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The dissemination of Western music through Catholic missions in High Qing China (1662-1795)
AuthorJia Shubing 賈抒冰
University of Bristol
Pub. Location[Great Britain]PublisherUniversity of Bristol
Date2012Phys. Desc.pdf. [xiv, 245 leaves : Ill., maps (some color)]
LocationDigital ArchivesCall NumberML336.P43 J53 2012
The dissemination of Western music through Catholic missions in High Qing China (1662-1795) / Shubing Jia.
Thesis (Ph.D., Music)--University of Bristol, 2012.
Includes bibliographical references.

Abstract:In the mid-seventeenth century, China entered its last dynastic heyday of economic prosperity and territorial expansion. This special period in Chinese history is called the High Qing, when China was ruled by three generation of Manchu Emperors. This was also a period of fast-growing Catholic expansion in the Far East. At that time, influenced greatly by Western missionaries, China saw a metamorphosis in its traditional thinking about the investigation of the natural world. In many fields, Western scientific endeavour made rapid progress in the High Qing. Western music, as a traditional European discipline, was for a time widely introduced into China in various theoretical and practical forms. On the one hand, skilled missionary musicians such as the Jesuit Tomás Pereira and the Lazarist Teodorico Pedrini joined with High Qing officials in fruitful collaboration to produce the first treatises on Western music theory in Chinese. On the other hand, performances by European musicians brought Western music to the court in such forms as instrumental sonatas, while a wider public particularly relished the sound of the organ. The spread of Western music in the High Qing widened Chinese intellectual thought and enriched imperial multiculturalism. However, the growing interest in Western music coincided and intertwined with a disastrous succession of imperial bans on the preaching of Christianity in the High Qing. This gave rise to a complex web of interactions between missionary musicians and Manchu Emperors, mixing intriguing anecdotes of exotic musics and complex personal relationships. This thesis attempts to explain how and why the twin phenomena happened during the two centuries. Moreover, it will examine this current of exuberant foreign music against the religious impact on Chinese society, grounding this on a balancing of diverse Chinese and European sources, and emphasizing that this was to some considerable extent a mutual exchange.--Source: Jesuitica.be website.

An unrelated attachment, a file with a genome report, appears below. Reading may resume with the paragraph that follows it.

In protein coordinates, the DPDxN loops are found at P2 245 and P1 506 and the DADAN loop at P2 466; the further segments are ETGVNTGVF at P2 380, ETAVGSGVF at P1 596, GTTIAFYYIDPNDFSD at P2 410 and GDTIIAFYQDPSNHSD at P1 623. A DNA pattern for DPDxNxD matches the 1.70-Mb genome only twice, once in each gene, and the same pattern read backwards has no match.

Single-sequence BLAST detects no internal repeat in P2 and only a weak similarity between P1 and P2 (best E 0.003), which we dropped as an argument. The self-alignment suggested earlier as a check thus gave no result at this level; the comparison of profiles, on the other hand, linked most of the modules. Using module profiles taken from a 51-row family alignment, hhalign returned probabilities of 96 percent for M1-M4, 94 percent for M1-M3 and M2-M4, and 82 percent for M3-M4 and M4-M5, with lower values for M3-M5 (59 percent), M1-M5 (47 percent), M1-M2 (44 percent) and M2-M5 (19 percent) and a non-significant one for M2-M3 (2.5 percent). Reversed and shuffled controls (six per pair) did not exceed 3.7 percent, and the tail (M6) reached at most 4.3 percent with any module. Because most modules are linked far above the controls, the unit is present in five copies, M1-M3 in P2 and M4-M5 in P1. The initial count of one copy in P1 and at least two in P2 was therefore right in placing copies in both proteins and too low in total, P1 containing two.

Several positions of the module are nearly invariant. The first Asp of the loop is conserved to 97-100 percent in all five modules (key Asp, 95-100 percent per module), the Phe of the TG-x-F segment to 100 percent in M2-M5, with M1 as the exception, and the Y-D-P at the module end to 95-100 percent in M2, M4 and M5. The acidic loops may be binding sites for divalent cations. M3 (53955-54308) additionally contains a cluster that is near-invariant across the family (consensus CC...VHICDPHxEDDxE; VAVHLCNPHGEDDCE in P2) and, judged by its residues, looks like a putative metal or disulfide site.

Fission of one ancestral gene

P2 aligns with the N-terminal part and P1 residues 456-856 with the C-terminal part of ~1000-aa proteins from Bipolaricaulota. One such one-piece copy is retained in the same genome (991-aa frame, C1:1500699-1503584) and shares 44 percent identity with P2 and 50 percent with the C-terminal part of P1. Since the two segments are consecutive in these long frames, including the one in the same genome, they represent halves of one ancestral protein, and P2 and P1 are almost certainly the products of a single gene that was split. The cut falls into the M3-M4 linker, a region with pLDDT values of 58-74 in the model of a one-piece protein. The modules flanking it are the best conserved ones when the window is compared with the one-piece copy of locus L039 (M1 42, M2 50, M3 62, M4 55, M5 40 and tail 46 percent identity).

Local access dig.pdf. [Jia-Western Music High Qing.pdf]

Subject(s)Music theory--China--Early works to 1800--Jesuit authors
Music--China--History--16th-18th centuries--Jesuit influence
Music--China--Qing dynasty, 1644-1911
Music--China--Western influences
Pedrini, Teodorico 德理格, 1671-1746--Contributions in music
Pereira, Tomás [Tomé] 徐日昇, 1645-1708--Contributions in music
Jesuits--China--16th-18th centuries--Contributions in music
Rec. TypeThesis/Dissertation (PDF)LanguageEnglish, Chinese
CollectionRicci Institute LibraryRec. #19524
OCLC812068500